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24

The question isn't silly. The speed of each molecule in the liquid is much higher than the speed of either the piston or the water shooting out from the nozzle. At room temperature, for water molecules the average is on the order of 500m/s. And yet, the speed of sound in water is three times higher than that, which implies that pressure can propagate in ...


22

Adjacent molecules in a liquid all repel each other because of the electron clouds that surround the nuclei that they contain. In that sense these molecules never even 'touch' each other (at least not in the intuitive sense of the word). When you apply pressure to the liquid you're squeezing them into a (very slightly) smaller volume, thereby increasing the ...


16

If you consider a system $C$ and two subsystems $A,B$ with associated probability distributions $p_C,p_A,p_B$ and want the entropy to add, you must assume the subsystems are independent in the sense that $p_C(X) = p_A(Y)p_B(Z)$ where $Y$ and $Z$ are a partitioning of the variables $X$ belonging to $C$. Then, the total entropy is \begin{align} S_C & = ...


13

Your description of critical temperature isn't quite right. If you increase the temperature of a liquid beyond the critical point, the atoms are moving so quickly that persistent structure fails to form and so you have something that behaves a lot like a very dense gas. Similarly, if you increase the pressure of a gas beyond the critical point, it becomes ...


10

$h$ factor The factor of $1/h^{3N}$ is a total hack. The integral over phase space has dimensions, whereas $Z$ only makes sense if it's dimensionless. The $h$ factors are there to make $Z$ dimensionless. Suppose you have a system with only one particle in one dimension. Then the integral in phase space goes over one position variable, $dq$ and one momentum ...


9

I think there is a misunderstanding. You are perfectly right when you write that the total micro canonical entropy of a combined system will be \begin{equation} S_\textrm{combined}(2E) = k_B\ln \sum_x \Omega(x)\Omega(2E-x) \end{equation} The micro canonical entropy ought to be a function of only the total energy, total amount of matter and total volume of ...


7

Both are relevant, and "the misconception that Langevin equation is the universal stochastic differential equation for all kinds of noisy systems is responsible for the difficulties mentioned"* in your post. Take the SDE from Thomas' answer, $$\frac{dy}{dt} = A(y) + C(y)L(t)$$ where $L(t)$ is the noise term. Suppose we can turn the noise off, so we'd only ...


6

In some sense yes. The temperature is defined as an imaginary time in Matsubara Green's functions or some path integrals. Thus, a negative inverse imaginary temperature can be considered as a time. Here is a quotation from Alexander Altland, Ben Simons "Condensed Matter Field Theory": "Thus, real time dynamics and quantum statistical mechanics can be ...


6

It depends on the parameter you consider. The Maxwell-Boltzmann distribution (as the name is applied in the Wikipedia article you link) is the distribution of the particle's speed (absolute value of the velocity) in a gas and this is a chi distribution. You probably were thinking of the distribution in terms of the vectorial velocity and then indeed it ...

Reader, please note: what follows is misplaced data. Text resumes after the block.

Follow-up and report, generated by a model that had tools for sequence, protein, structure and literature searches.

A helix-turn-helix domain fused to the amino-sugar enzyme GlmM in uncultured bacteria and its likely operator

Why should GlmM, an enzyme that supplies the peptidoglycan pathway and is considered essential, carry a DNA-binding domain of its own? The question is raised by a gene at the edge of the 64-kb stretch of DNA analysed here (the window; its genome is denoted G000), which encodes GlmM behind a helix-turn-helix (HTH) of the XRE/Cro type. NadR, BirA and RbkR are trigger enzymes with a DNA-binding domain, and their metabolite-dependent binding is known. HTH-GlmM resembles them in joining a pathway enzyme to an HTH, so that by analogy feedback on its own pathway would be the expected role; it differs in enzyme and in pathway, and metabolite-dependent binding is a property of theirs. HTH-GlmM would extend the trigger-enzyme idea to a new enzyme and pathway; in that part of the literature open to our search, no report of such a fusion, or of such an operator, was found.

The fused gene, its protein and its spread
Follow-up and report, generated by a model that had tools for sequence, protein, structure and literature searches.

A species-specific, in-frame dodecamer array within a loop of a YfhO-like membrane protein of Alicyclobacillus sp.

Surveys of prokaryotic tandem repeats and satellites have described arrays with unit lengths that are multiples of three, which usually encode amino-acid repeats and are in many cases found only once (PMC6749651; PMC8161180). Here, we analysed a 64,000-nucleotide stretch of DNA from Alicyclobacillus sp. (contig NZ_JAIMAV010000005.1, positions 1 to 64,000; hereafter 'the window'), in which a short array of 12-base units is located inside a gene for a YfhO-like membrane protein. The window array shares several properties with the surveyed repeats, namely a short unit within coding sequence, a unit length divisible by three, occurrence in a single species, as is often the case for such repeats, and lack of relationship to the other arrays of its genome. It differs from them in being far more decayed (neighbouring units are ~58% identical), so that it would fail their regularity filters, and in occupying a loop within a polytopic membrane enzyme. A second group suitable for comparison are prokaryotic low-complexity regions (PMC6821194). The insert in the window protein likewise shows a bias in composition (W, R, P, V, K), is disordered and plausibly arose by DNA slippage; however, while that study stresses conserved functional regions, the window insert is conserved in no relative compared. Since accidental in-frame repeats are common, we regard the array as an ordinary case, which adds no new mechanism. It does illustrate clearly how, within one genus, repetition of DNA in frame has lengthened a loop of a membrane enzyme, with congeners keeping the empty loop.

6

This phenomenon has been studied by Vella and Mahadevan and written up in the American Journal of Physics (http://scitation.aip.org/content/aapt/journal/ajp/73/9/10.1119/1.1898523). It's called the Cheerios effect. If the cereal pieces clump together away from the edges of the bowl, they gravitate toward a slight concavity in the surface caused by milk ...


6

Let's simplify things down to the barest minimum: one dimension, one particle, and a wall. O | The particle moves to the right, hits the wall, and rebounds, perfectly elastically. If the wall is fixed in place, the particle will leave the collision with exactly the same kinetic energy as it came in with. But what if the wall is moving to ...


6

OP's question (v1) is essentially asking Does the operator identity $$ e^{\frac{it}{\hbar}[\hat{H},~\cdot~]}\hat{A}~ =~ e^{i\hat{H}t/\hbar}\hat{A}e^{-i\hat{H}t/\hbar} \tag{1} $$ have an analog using functions/symbols $H$ and $A$ rather than operators $\hat{H}$ and $\hat{A}$, respectively? The answer is: Yes, in terms of the Groenewold-Moyal star ...


6

Major edit: In @gatsu's answer, it is pointed out that only the amount of energy should matter, which is correct, as there's no such thing as distinguishable microstates with only rearranged energy (think stars-and-bars-type entropy calculations). So, I've edited out that part of the first paragraph and equations (in the first draft, I dropped that part of ...


6

A typical velocity dispersion in a globular cluster is 10 km/s. For a typical 1 solar mass subgiant in an old globular, then equating the kinetic energy to $3kT/2$, we get $T = 5\times 10^{60}$ K. Doesn't seem that helpful really... The concept of temperature is only ever applied in a relative sense - i.e. some component is hotter than another. Can't say ...


5

The entropy $S$ is extensive as long as you're consistent about what you mean by entropy. In your case you've mixed up two different definitions. One definition of the entropy has the system at fixed energy $E$ -- the other, a fixed temperature $T$. Fixed-E entropy For a system with fixed energy $E$ the entropy is defined to be $$ S = \log\Omega(E) ...


5